“Thirty-eight caliber,” he told her. “First one I’ve seen outside of a museum. This one’s a Smith & Wesson, Model Ten, blue steel.” He looked at it with some affection. “Real classic piece, used to be standard police issue up until the latter part of the twentieth. They stopped making them in about twenty-two, twenty-three, when the gun ban was passed.”
“You’re the history buff.” Which explained why he was with her. “Looks new.” She sniffed through the bag, caught the scent of oil and burning. “Somebody took good care of this. Steel fired into flesh,” she mused as she passed the bag back to Feeney. “Ugly way to die, and the first I’ve seen it in my ten years with the department.”
“Second for me. About fifteen years ago, Lower East Side, party got out of hand. Guy shot five people with a twenty-two before he realized it wasn’t a toy. Hell of a mess.”
“Fun and games,” Eve murmured. “We’ll scan the collectors, see how many we can locate who own one like this. Somebody might have reported a robbery.”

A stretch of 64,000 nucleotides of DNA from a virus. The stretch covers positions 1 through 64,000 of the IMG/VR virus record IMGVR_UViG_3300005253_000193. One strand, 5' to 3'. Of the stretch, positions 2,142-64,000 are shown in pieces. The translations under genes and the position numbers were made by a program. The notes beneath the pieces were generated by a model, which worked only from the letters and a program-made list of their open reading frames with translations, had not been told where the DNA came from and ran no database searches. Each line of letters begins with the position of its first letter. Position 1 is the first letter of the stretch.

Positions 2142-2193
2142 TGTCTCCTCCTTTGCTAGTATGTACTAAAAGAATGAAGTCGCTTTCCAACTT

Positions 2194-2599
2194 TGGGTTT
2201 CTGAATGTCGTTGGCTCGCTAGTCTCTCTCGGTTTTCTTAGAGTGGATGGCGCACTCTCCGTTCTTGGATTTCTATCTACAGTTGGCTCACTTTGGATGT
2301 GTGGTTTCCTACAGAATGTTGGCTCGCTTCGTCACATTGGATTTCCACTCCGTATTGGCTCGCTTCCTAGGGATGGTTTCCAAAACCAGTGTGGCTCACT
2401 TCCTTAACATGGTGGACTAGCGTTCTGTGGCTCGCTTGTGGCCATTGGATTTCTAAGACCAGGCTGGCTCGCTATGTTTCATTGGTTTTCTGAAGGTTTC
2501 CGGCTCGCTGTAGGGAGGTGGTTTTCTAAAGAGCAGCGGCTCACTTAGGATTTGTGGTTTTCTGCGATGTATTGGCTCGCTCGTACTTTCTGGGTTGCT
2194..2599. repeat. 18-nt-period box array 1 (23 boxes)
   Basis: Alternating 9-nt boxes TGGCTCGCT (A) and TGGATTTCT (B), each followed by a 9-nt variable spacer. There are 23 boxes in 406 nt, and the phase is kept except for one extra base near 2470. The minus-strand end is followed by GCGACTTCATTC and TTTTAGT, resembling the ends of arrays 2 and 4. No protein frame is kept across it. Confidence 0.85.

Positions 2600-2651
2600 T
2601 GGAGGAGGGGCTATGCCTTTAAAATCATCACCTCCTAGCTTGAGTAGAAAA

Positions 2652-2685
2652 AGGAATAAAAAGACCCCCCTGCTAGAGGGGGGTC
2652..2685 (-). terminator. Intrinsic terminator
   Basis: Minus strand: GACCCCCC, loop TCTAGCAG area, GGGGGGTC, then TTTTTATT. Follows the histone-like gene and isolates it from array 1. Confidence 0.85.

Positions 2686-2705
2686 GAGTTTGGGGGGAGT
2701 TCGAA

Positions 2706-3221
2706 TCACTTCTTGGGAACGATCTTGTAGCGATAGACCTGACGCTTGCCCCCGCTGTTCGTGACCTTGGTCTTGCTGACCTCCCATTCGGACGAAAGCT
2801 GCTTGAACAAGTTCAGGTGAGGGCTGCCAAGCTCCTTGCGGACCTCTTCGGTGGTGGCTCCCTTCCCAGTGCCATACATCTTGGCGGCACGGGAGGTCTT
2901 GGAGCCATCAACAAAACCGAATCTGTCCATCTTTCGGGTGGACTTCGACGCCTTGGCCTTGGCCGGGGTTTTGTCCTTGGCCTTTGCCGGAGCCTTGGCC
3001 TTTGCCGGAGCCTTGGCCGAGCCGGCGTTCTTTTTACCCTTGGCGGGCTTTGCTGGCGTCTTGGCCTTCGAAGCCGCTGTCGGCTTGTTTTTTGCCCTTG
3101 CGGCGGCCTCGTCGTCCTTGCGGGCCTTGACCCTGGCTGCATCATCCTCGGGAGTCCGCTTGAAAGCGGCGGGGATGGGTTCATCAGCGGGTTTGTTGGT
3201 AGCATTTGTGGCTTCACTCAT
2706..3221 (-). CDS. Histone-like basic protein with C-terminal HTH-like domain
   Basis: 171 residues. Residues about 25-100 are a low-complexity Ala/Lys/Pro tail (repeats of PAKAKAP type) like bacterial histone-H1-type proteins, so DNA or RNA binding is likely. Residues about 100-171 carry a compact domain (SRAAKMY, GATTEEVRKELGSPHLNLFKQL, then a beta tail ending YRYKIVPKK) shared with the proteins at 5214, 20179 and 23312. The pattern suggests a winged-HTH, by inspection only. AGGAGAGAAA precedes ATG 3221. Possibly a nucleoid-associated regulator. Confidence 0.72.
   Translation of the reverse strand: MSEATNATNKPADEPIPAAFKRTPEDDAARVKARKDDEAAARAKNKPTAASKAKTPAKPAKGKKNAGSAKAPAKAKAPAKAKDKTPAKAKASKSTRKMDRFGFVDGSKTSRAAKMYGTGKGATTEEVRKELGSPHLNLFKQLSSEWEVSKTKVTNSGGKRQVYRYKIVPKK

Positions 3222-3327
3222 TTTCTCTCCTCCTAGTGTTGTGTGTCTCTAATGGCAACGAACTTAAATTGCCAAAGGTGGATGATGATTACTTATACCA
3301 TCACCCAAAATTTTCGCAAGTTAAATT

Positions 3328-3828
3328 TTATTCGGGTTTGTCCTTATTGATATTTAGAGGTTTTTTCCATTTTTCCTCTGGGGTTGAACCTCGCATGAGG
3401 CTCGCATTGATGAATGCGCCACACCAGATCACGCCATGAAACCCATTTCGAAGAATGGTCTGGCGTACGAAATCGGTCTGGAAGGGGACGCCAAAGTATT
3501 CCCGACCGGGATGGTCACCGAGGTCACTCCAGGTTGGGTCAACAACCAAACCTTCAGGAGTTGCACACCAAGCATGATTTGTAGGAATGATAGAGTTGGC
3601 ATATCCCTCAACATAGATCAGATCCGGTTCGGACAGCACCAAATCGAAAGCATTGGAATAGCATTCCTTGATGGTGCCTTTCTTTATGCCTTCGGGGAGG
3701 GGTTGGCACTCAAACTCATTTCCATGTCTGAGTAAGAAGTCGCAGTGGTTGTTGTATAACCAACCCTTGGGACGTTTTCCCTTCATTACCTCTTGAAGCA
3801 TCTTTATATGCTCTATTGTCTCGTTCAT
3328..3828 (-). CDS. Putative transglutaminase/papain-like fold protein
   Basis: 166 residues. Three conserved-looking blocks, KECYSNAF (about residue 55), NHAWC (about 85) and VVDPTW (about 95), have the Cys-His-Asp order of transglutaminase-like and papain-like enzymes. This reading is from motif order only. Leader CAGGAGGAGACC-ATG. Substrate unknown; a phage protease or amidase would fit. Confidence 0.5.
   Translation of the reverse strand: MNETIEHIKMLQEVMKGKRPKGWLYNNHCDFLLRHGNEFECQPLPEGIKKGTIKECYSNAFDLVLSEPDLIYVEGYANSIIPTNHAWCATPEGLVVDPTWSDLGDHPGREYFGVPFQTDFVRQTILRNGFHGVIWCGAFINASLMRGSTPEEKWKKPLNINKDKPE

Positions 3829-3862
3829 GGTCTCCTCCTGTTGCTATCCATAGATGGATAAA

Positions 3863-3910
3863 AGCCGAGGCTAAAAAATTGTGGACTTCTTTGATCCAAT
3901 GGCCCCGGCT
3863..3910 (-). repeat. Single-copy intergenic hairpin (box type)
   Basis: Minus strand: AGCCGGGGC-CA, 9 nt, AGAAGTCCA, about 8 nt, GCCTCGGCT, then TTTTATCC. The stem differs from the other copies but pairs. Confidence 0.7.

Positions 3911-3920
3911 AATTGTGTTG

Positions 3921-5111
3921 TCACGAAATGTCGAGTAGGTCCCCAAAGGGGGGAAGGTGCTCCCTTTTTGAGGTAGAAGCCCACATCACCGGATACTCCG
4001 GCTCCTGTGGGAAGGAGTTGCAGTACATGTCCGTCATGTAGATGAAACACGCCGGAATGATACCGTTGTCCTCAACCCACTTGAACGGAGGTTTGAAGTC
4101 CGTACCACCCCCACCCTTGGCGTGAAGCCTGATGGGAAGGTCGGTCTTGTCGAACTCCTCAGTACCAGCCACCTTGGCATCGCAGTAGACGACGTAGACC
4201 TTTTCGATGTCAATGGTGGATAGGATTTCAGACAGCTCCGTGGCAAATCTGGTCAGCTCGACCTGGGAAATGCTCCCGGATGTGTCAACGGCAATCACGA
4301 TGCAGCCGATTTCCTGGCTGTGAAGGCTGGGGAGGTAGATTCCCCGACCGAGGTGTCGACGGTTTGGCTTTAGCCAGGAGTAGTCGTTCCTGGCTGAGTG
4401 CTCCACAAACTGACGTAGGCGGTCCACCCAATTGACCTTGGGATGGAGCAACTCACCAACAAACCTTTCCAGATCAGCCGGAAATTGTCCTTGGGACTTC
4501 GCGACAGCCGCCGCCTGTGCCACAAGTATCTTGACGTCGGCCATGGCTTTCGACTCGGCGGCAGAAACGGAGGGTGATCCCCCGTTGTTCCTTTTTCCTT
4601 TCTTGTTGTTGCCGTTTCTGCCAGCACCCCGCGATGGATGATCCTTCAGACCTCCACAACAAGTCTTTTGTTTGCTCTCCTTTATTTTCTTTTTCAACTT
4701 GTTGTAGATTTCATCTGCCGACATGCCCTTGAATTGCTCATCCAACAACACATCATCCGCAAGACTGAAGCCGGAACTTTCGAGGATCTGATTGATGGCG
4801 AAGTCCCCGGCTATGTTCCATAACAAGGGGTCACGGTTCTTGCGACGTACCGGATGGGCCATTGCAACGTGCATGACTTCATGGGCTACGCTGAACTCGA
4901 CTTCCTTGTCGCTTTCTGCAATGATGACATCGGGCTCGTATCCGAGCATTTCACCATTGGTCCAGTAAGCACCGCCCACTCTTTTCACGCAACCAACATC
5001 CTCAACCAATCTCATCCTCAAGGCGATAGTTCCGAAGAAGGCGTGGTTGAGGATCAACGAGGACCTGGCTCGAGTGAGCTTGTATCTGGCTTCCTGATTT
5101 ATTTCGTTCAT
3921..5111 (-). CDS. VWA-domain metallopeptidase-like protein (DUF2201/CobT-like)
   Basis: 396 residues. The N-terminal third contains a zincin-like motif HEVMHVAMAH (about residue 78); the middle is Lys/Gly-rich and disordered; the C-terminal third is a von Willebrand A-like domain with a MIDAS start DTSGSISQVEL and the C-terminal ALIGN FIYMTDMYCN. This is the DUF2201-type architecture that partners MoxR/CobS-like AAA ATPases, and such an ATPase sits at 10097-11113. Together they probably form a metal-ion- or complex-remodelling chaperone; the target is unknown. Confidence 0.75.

“It’s more likely it came through the black market.” Eve glanced back at the body. “If she’s been in the business for a few years, she’d have discs, records of her clients, her trick books.” She frowned. “With Code Five, I’ll have to do the door-to-door myself. Not a simple sex crime,” she said with a sigh. “Whoever did it set it up. The antique weapon, the wounds themselves, almost ruler straight down the body, the lights, the pose. Who called it in, Feeney?”
“The killer.” He waited until her eyes came back to him. “From right here. Called the station. See how the bedside unit’s aimed at her face? That’s what came in. Video, no audio.”
“He’s into showmanship.” Eve let out a breath. “Clever bastard, arrogant, cocky. He had sex with her first. I’d bet my badge on it. Then he gets up and does it.” She lifted her arm, aiming, lowering it as she counted off, “One, two, three.”
“That’s cold,” murmured Feeney.